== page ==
R is.na Function Example (remove, replace, count, if else, is not NA)

Well, I guess it goes without saying that NA values decrease the quality of our data.

Fortunately, the R programming language provides us with a function that helps us to deal with such missing data: the is.na function.

In the following article, I’m going to explain what the function does and how the function can be applied in practice.

Let’s dive in…

 

The is.na Function in R (Basics)

Before we can start, let’s create some example data in R (or R Studio).

set.seed(951)                               # Set seed
N <- 1000                                   # Sample size
 
x_num <- round(rnorm(N, 0, 5))              # Numeric variable
x_fac <- as.factor(round(runif(N, 0, 3)))   # Factor variable
x_cha <- sample(letters, N, replace = TRUE) # Character variable
 
data <- data.frame(x_num, x_fac, x_cha)     # Create data.frame

Our data consists of three columns, each of them with a different class: numeric, factor, and character. This is how the first six lines of our data look like:

is na function in R

Table 1: Example Data for the is.na R Function (First 6 Rows)

 

Let’s apply the is.na function to our whole data set:

is.na(data)
#      x_num x_fac x_cha
# [1,] FALSE FALSE FALSE
# [2,] FALSE FALSE  TRUE
# [3,] FALSE FALSE FALSE
# [4,]  TRUE  TRUE FALSE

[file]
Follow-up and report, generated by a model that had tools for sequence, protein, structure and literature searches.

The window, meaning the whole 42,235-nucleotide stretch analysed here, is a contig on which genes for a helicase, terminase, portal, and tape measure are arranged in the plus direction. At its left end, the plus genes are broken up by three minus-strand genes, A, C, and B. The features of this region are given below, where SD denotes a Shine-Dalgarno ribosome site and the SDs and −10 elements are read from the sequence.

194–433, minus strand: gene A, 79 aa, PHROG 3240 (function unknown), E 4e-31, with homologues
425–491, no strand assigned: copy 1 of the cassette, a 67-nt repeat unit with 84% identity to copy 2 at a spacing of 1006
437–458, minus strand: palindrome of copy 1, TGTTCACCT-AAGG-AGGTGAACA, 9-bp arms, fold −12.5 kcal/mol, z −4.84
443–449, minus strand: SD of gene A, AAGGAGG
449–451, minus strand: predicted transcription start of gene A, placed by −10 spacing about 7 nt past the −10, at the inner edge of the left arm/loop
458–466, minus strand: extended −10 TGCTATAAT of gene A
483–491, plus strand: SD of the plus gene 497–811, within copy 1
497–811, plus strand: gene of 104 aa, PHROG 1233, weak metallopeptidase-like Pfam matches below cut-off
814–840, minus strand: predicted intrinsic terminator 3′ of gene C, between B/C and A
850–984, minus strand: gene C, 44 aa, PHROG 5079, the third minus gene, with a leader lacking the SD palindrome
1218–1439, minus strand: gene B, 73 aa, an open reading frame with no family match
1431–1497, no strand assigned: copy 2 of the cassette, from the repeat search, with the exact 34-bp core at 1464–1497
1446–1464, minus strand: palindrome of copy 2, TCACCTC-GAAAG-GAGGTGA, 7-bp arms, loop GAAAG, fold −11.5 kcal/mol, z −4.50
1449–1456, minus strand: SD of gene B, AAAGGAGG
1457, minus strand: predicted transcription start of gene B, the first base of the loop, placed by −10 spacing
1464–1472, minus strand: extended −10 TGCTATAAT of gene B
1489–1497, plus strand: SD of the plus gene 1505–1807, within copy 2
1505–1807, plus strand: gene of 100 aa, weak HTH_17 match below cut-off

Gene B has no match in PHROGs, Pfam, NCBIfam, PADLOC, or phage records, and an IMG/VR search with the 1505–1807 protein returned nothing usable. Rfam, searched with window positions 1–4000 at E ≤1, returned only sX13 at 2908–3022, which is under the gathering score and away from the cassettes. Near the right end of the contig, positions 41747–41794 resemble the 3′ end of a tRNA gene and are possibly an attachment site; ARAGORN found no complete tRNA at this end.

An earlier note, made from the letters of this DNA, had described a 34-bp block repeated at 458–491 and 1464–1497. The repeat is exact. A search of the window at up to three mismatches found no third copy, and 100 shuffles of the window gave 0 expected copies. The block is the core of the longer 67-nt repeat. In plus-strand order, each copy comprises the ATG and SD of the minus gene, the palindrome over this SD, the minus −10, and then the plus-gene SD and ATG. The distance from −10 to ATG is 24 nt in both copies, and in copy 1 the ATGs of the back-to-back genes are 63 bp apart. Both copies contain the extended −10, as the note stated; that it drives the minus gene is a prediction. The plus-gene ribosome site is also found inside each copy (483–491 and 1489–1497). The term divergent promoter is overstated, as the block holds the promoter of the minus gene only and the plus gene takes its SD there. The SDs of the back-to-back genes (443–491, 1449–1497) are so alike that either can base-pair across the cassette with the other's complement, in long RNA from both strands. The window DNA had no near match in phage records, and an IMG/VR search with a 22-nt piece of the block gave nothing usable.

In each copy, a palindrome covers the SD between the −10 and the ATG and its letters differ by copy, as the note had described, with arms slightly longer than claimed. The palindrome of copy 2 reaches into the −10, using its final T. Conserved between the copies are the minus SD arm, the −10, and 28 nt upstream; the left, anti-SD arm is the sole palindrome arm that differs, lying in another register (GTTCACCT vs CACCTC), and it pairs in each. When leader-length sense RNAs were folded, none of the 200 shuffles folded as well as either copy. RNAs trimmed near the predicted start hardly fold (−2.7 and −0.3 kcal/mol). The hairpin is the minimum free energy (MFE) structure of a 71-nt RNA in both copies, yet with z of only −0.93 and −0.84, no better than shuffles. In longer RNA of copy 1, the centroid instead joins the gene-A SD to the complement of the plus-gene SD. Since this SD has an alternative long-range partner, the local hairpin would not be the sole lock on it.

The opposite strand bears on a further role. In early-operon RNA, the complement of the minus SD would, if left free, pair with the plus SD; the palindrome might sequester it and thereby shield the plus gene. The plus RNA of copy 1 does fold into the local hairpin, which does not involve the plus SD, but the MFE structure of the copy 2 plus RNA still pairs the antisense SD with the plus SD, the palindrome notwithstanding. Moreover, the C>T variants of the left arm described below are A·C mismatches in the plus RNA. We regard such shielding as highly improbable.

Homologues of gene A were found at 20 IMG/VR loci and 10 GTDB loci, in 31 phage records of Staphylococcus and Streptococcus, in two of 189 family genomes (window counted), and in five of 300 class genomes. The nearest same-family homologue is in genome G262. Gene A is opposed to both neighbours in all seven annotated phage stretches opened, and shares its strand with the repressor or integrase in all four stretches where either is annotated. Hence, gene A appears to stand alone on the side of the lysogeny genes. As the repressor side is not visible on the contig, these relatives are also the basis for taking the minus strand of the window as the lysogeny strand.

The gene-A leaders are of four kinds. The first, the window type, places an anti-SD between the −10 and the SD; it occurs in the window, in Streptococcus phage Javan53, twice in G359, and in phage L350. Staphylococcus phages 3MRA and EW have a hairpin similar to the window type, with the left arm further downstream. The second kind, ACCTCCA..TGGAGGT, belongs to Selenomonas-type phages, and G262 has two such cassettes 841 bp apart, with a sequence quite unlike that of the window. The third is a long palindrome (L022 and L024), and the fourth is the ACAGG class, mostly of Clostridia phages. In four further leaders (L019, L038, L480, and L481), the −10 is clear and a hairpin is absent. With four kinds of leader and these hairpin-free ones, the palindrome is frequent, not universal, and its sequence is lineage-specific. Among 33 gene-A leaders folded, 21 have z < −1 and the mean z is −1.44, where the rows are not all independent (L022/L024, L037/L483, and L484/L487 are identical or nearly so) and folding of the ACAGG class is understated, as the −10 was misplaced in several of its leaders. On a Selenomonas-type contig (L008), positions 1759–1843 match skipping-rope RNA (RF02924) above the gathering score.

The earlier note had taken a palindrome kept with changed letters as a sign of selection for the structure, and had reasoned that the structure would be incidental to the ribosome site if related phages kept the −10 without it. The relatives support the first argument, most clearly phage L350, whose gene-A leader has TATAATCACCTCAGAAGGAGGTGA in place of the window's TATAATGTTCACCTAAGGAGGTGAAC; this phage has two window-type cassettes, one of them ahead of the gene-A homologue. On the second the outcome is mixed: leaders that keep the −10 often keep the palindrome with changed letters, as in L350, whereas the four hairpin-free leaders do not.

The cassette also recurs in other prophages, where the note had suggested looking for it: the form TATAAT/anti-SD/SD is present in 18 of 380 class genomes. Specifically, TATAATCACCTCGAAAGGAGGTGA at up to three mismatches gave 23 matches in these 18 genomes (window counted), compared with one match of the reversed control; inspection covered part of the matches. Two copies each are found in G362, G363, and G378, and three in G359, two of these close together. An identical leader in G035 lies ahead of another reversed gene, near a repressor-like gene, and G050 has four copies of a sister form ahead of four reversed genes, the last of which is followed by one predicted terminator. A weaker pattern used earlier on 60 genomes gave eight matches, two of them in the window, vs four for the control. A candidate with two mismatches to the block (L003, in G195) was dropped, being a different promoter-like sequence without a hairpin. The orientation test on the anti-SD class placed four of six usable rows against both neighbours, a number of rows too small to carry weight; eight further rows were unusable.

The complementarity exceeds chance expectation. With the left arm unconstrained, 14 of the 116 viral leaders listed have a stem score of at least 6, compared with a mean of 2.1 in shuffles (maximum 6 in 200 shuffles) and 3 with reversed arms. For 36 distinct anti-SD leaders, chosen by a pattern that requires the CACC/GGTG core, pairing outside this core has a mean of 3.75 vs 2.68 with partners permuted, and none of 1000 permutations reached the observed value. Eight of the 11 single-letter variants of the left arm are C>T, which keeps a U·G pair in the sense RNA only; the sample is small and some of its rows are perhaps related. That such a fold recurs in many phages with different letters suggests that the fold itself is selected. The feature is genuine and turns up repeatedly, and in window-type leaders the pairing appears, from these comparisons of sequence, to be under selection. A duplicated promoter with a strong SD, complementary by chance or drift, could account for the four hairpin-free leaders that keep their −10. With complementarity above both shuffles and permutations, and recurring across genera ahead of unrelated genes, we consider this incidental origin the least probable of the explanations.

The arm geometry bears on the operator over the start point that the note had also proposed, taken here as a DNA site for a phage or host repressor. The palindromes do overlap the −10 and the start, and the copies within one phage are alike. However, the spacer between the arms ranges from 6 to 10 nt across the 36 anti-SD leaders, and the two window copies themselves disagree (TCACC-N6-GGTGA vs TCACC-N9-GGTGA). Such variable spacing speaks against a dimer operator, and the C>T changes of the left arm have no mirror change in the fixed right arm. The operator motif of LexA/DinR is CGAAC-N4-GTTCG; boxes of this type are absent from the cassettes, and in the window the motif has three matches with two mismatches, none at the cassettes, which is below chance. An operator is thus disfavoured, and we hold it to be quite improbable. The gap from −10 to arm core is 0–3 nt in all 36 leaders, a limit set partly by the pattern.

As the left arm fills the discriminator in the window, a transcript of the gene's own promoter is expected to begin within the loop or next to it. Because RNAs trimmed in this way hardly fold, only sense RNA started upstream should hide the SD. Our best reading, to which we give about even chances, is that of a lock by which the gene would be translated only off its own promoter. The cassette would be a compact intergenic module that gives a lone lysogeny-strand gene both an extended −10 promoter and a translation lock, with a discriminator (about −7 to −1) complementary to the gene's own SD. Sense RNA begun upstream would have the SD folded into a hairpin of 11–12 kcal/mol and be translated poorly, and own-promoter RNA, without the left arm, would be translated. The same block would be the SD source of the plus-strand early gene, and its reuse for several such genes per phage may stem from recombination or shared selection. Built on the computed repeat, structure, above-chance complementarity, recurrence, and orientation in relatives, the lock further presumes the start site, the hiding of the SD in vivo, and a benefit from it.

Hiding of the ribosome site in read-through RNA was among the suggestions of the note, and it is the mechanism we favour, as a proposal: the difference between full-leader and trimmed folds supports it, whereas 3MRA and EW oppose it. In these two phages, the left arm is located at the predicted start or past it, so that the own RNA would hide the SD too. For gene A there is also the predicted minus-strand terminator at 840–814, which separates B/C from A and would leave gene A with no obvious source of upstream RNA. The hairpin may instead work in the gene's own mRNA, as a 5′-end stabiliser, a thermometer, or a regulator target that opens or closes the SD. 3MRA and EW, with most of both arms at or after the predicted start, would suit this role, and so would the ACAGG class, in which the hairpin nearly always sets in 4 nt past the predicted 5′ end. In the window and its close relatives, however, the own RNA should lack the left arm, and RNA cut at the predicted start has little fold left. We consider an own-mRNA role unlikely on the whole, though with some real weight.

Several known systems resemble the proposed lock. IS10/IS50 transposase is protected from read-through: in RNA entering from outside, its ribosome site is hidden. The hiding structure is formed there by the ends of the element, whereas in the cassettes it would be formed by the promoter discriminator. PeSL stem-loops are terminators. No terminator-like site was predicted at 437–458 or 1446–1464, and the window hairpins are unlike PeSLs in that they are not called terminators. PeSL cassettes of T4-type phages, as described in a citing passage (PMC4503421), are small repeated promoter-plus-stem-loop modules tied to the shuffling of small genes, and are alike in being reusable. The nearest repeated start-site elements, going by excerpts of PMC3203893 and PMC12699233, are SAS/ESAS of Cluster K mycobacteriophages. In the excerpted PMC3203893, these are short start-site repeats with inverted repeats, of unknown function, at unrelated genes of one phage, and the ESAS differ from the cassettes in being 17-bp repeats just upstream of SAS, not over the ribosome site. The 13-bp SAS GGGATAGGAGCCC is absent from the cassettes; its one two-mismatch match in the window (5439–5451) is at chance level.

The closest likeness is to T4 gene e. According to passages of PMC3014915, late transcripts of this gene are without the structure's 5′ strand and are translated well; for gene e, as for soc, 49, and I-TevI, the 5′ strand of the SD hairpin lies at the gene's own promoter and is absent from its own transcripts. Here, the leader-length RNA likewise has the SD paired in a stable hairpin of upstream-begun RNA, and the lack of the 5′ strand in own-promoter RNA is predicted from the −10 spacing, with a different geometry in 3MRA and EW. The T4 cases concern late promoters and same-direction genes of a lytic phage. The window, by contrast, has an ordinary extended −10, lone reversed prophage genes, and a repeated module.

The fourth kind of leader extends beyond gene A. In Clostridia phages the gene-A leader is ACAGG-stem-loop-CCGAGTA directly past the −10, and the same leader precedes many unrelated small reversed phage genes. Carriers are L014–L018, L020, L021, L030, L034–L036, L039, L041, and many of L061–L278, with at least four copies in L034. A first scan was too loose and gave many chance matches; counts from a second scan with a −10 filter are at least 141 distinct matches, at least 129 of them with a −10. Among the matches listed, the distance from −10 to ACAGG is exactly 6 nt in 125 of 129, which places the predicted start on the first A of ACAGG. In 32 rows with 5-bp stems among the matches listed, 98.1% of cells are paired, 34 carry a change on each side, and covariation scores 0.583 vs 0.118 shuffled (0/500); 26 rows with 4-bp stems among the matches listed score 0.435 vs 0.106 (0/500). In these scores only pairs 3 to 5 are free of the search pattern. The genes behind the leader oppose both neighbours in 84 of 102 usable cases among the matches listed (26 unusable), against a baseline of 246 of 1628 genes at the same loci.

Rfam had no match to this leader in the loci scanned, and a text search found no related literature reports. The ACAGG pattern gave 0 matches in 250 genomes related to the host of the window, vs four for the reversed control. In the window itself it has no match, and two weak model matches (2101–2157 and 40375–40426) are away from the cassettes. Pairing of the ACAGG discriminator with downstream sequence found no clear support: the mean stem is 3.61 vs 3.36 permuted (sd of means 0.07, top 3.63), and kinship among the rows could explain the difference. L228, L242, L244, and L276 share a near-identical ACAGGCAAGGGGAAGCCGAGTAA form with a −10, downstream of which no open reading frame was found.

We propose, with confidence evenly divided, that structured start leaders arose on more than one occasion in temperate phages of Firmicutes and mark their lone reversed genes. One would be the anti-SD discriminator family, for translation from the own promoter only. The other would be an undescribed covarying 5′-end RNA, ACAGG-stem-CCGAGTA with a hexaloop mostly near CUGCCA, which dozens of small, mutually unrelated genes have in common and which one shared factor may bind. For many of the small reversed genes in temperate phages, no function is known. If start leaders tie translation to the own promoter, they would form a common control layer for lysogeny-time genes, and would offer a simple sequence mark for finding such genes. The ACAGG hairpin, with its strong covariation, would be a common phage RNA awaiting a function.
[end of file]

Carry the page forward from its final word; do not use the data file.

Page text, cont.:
# [5,]  TRUE  TRUE FALSE
# [6,] FALSE FALSE FALSE
# ...

The function produces a matrix, consisting of logical values (i.e. TRUE or FALSE), whereby TRUE indicates a missing value. Compare the output with the data table above — The TRUE values are at the same position as before the NA elements.

An important feature of is.na is that the function can be reversed by simply putting a ! (exclamation mark) in front. In this case, TRUE indicates a value that is not NA in R:

!is.na(data)
#      x_num x_fac x_cha
# [1,]  TRUE  TRUE  TRUE
# [2,]  TRUE  TRUE FALSE
# [3,]  TRUE  TRUE  TRUE
# [4,] FALSE FALSE  TRUE
# [5,] FALSE FALSE  TRUE
# [6,]  TRUE  TRUE  TRUE
# ...

Exactly the opposite output as before!

We are also able to check whether there is or is not an NA value in a column or vector:

is.na(data$x_num)  # Works for numeric ...
is.na(data$x_fac)  # ... factor ...
is.na(data$x_cha)  # ... and character
 
!is.na(data$x_num) # The explanation mark still works 
!is.na(data$x_fac)
!is.na(data$x_cha)

As you have seen, is.na provides us with logical values that show us whether a value is NA or not. We can apply the function to a whole database or to a column (no matter which class the vector has).

That’s nice, but the real power of is.na becomes visible in combination with other functions — And that’s exactly what I’m going to show you now.

 

On a side note: